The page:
Believe it or not, this is a thing, and I never realized it until I went through the storm of losing Taylor. People have been wonderful to Parker and me. Everyone has been so sympathetic toward our situation, and we have been overcome with gratefulness to have such a strong support system.
I won't lie though, there are stages of grief where certain sympathetic comments are hard to swallow. The one that's been tough for me? "I know how hard this is for you". When someone says this, I cringe a little bit inside. There is a part of me that wants to unleash and tell them, no, they have no idea how hard this is because they aren't experiencing it. They didn't lose a child at 18 weeks 5 days on November 23, 2014. They. have. no. idea. It's so easy to give into this anger and resent people who make that comment. Yes, they mean well, but it's tough to give them the satisfaction of thinking they actually know how hard this is.
The thing is, when we go through really tough situations, we tend to think we get a free pass. To an extent, we do. Learning how to live life again was not an overnight thing, at least for me. I've done it all. I've skipped out on social situations because I didn't want to see anyone. I cried in a closet so I didn't make a scene over Christmas. I've bitten my lip so hard to keep from crying that it goes numb in pain. I'm getting better every day, but it's not an overnight thing. I'm usually not this emotional, but after losing Taylor, I get a free pass to cry. I don't, however, get a free pass to snap at people or lash out at them.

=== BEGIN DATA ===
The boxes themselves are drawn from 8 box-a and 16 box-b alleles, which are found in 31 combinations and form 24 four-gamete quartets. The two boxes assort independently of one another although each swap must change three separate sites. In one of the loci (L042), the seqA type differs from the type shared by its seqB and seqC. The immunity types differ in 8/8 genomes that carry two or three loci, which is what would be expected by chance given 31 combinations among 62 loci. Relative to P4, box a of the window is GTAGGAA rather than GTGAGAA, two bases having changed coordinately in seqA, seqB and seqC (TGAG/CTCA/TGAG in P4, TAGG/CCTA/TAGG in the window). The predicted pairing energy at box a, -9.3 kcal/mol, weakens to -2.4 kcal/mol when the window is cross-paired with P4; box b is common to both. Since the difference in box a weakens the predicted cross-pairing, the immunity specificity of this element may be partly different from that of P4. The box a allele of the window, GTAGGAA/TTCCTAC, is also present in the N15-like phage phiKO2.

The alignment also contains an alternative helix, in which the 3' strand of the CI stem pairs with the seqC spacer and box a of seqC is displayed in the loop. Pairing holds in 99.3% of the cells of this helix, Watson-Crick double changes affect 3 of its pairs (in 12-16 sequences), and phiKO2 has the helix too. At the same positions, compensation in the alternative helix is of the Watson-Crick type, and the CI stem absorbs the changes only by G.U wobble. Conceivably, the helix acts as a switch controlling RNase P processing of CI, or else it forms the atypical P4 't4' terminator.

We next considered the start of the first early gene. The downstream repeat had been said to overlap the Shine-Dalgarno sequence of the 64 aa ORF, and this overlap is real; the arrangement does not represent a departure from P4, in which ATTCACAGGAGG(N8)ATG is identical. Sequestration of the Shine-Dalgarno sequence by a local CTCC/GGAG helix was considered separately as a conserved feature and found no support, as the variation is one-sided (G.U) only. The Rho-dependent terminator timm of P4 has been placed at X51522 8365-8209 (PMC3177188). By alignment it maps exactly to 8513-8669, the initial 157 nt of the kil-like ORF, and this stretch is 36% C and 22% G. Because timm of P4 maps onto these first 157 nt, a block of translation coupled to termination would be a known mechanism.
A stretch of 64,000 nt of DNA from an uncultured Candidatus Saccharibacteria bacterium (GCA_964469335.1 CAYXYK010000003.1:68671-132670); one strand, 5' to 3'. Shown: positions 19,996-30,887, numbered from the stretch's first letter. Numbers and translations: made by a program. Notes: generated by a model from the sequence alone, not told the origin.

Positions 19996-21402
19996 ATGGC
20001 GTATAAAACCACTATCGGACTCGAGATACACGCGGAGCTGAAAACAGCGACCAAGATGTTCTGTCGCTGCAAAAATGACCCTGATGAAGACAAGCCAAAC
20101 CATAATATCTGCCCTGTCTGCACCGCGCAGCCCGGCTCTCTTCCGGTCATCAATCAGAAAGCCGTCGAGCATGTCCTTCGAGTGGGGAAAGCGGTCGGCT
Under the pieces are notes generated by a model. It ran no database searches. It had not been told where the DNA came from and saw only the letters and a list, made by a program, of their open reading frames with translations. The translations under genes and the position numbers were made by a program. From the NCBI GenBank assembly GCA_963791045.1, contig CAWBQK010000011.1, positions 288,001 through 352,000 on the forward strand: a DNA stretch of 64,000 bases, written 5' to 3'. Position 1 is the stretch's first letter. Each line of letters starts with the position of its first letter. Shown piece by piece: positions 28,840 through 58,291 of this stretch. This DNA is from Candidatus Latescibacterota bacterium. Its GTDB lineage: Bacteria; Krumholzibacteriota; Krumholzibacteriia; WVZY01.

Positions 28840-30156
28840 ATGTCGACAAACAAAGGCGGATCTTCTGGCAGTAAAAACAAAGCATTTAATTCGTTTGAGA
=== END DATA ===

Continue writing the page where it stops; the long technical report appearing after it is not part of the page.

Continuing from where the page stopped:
What I've had to realize is that everyone has been through something hard in their lives. Whether it be a health issue or losing a loved one, everyone has endured pain. I don't know what they've gone through because only they truly know what they've gone through. Even when people talk about losing a child, I am very careful to never say "I know how hard it is". Each person handles grief differently, and I can't pretend to know how they are feeling.
I don't think I will ever enjoy hearing someone tell me they know how hard this is, but I have an obligation as a Christian to respond to their sympathy with grace. Just a little nod of thanks will go a long way, and if someone is taking the time to talk with me about my journey, it means they care. There are stages of grief where you want to be angry, and those are the times where you have to make a conscious effort to choose grace. This is a lesson I never expected to need to learn, but it's one I'm glad I did. We are called to show grace, even through the tough stuff.